This section is from the book "Some Contributions Of South India To Indian Culture", by S. Krishnaswami Aiyangar. Also available from Amazon: Some Contributions of South India to Indian Culture.
Ceylon was known to the ancients perhaps as early as South India itself, and Tamil literature contains a few references earlier than that in Buddhist tradition, which associate the island with the story of the Ramayana. In one poem,1 a poet of the city of Madura who is known by the name Kaduvan Ma]]anar, who was by profession "an actor in the Tamil mode," refers to the ancient Kodi (Kori of the classical geographers, end of "the bridge" as the commentator renders it) of the Kauriyar (Pandyas) where in the foreshore of the boisterous sea the warlike Rama held, with his companions, a council under a big banian tree, when by a mere look he put an end to the noise that the birds were making on the tree. This "Council of Rama" is apparently the Council held for constructing the dam across the sea to reach the Lanka of Ravana. There is another reference in an early poet Unpodi Pas'um-Kodaiyar in a poem,2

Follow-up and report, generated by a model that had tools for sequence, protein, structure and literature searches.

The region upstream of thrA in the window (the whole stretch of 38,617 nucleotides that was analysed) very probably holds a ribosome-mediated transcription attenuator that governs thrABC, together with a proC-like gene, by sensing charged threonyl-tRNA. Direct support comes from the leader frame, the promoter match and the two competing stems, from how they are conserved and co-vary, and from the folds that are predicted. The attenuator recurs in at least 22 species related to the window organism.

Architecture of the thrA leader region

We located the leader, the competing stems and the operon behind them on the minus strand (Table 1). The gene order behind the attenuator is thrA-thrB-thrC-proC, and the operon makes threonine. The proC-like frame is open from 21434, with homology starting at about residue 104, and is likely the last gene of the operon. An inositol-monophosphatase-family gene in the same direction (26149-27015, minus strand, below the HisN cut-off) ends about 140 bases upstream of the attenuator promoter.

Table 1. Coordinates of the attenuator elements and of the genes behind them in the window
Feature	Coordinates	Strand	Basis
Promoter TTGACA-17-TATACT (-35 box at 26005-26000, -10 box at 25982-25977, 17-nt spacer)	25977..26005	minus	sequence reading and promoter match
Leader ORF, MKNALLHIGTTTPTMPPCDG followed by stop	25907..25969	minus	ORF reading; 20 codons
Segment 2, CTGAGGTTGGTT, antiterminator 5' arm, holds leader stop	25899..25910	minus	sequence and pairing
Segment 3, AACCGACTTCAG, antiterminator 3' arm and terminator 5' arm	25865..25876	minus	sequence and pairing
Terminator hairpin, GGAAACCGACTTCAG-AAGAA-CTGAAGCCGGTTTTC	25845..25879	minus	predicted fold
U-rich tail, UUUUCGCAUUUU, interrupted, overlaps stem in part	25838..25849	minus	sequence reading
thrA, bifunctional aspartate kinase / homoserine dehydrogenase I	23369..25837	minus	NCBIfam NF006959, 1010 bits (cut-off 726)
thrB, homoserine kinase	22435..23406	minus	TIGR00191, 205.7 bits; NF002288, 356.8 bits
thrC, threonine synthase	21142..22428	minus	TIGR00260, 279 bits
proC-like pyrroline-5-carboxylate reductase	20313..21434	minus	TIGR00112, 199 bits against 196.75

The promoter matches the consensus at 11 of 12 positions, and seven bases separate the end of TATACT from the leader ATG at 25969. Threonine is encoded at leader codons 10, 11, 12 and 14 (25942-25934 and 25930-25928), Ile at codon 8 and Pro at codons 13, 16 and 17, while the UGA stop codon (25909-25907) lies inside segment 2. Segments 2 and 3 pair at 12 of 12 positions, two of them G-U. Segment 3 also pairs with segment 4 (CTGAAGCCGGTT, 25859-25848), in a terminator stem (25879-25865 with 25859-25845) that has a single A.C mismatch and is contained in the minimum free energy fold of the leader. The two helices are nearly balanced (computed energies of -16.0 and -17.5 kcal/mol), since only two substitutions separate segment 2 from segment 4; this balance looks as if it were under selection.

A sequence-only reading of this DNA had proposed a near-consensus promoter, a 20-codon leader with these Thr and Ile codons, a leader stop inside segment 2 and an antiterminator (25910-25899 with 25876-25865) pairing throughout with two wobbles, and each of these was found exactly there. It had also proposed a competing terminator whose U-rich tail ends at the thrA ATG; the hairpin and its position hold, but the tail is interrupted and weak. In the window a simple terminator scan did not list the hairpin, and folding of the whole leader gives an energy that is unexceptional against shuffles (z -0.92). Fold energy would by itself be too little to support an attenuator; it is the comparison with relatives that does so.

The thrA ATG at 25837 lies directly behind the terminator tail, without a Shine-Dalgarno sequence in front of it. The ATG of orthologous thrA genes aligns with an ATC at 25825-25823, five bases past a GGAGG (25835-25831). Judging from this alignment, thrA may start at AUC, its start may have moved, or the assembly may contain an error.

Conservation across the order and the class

1 Aham 70, 11. 13-16. 2 Puram, 378.
celebrating the famous Chola Ilam-Set-Senni who destroyed Serup-Pali. The reference there is to the abduction of Sita by Havana, and the incident is brought in there for a comparison to the wondering monkeys which took up the jewels she dropped while she was being carried across in the aerial car. The next poem of the same collection refers to Lanka as the territory of one Villi Adan. There are references in the Silappadhikaram to three incidents of the Ramayana. The first is Rama's going to the forest at the command of the father (XIII. 11. 63-66). The next is to divine Rama having gone to the forest at the command of the father and being put to great sorrow owing to his separation from his wife. (XIV 11. 46-49). The third relates to the going of Rama and his brother to the forest and the destruction of well-fortified Lanka (XVII, p. 401). There is a similar reference to the building of the bridge of Rama, alluding to materials thrown in going to the bottom, in the Manimckhalai (XV II, 11. 9-15).